Although on this committee we too are concerned with questions of efficiency and economy, we reject as misguided and indeed dangerous to ideals of educational excellence the current proposals to resolve staffing problems through the adoption of corporate models. How, for example, might one reconcile administrative efforts at economizing by hiring part-time and adjunct instructors with parental complaints that students are not being taught by qualified full-time professors? How assure excellence in education while simultaneously devaluing the professoriat through the elimination of tenure? Our committee proceeded on the assumption that any adequate resolution of recent problems in the academy must have as its ultimate aim the highest-quality instruction for the greatest number and diversity of students. We also assumed that teaching in higher education requires extensive training in particular disciplines--training that is difficult, time-consuming, and costly--and, therefore, that those who teach in higher education require and deserve appropriate compensation for their professional labor. If such compensation is denied, it is impossible to imagine that the most-qualified candidates will end up doing the work that needs to be done in college and university classrooms.
At the outset, our committee determined that the critical conditions in the academy, as dramatized in the media and experienced by many recent PhDs, reflect long-term developments that have shaped the complex system of higher education in the United States since World War II, a system to which the patterns of academic employment that we study here are inextricably linked. In our view, no effort to resolve current problems can succeed without a concomitant effort to understand how the entire system of teacher training and placement works within higher education, and we thus took as our first responsibility a nuanced analysis of that system's history as well as its present structure and function. After completing such an analysis, we moved toward a set of recommendations designed to address the complicated issues that have produced the current situation. Our recommendations have three major objectives: to adjust the job system so as to balance the number of jobs available with the number of qualified PhDs; to ensure that all faculty members, adjunct and otherwise, are recognized and compensated as trained professionals; and, as a consequence of these two measures, to improve the quality of postsecondary education at every level but particularly in lower-division courses, which are increasingly taught by overworked, undervalued adjunct faculty members and graduate students.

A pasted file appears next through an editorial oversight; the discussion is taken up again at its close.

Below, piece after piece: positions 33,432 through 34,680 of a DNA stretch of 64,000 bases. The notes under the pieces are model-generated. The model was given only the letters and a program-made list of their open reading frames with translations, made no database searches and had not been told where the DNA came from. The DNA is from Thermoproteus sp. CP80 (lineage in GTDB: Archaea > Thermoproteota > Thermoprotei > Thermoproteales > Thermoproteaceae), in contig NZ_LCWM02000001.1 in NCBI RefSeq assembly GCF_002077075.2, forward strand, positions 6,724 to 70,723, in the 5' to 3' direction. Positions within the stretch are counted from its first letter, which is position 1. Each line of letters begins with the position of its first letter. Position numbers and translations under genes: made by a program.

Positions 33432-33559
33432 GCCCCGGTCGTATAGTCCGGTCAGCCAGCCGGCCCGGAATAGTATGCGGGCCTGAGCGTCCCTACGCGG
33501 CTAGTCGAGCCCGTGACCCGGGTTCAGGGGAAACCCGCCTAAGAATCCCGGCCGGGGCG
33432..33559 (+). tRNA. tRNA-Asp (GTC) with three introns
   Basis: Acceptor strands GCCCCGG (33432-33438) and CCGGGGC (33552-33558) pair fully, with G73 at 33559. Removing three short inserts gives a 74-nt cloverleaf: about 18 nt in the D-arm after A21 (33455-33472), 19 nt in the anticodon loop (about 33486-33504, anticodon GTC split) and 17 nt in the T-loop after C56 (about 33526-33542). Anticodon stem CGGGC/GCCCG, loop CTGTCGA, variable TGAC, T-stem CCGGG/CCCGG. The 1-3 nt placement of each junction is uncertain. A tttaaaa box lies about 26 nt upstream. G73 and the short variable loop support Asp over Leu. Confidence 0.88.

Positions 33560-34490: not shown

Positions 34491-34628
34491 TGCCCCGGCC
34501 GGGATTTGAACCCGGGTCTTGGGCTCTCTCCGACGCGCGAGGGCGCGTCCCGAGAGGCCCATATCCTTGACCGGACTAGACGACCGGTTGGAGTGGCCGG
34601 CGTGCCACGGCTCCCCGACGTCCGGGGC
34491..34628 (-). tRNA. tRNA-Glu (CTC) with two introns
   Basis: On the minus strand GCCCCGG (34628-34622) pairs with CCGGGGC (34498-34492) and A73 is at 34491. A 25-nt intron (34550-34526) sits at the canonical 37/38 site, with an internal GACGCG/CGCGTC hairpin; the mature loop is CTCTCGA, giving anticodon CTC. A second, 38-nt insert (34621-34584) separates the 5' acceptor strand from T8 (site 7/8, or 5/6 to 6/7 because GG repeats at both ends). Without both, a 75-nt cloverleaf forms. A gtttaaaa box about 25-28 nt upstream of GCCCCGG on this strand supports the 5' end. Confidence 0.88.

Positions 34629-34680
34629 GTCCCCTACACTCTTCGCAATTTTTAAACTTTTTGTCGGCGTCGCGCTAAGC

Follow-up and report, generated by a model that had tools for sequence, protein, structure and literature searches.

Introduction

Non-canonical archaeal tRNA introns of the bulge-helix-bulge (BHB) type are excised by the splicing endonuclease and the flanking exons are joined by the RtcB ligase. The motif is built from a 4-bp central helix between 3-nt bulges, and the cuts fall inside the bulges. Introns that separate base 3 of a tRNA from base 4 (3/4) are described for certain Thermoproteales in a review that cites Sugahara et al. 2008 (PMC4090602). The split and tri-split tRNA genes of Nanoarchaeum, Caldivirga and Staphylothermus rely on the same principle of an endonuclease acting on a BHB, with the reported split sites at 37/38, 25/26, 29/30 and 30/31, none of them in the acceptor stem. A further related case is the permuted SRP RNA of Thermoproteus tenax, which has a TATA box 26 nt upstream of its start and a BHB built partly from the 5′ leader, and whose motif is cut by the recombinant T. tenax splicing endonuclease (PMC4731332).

While those who advocate downsizing and streamlining the university along corporate lines acquiesce in or even promote the replacement of tenure-track faculty members with less expensive part-timers and adjuncts, our report insists that excellence in education for present and future students depends on an increase in full-time tenure-track faculty positions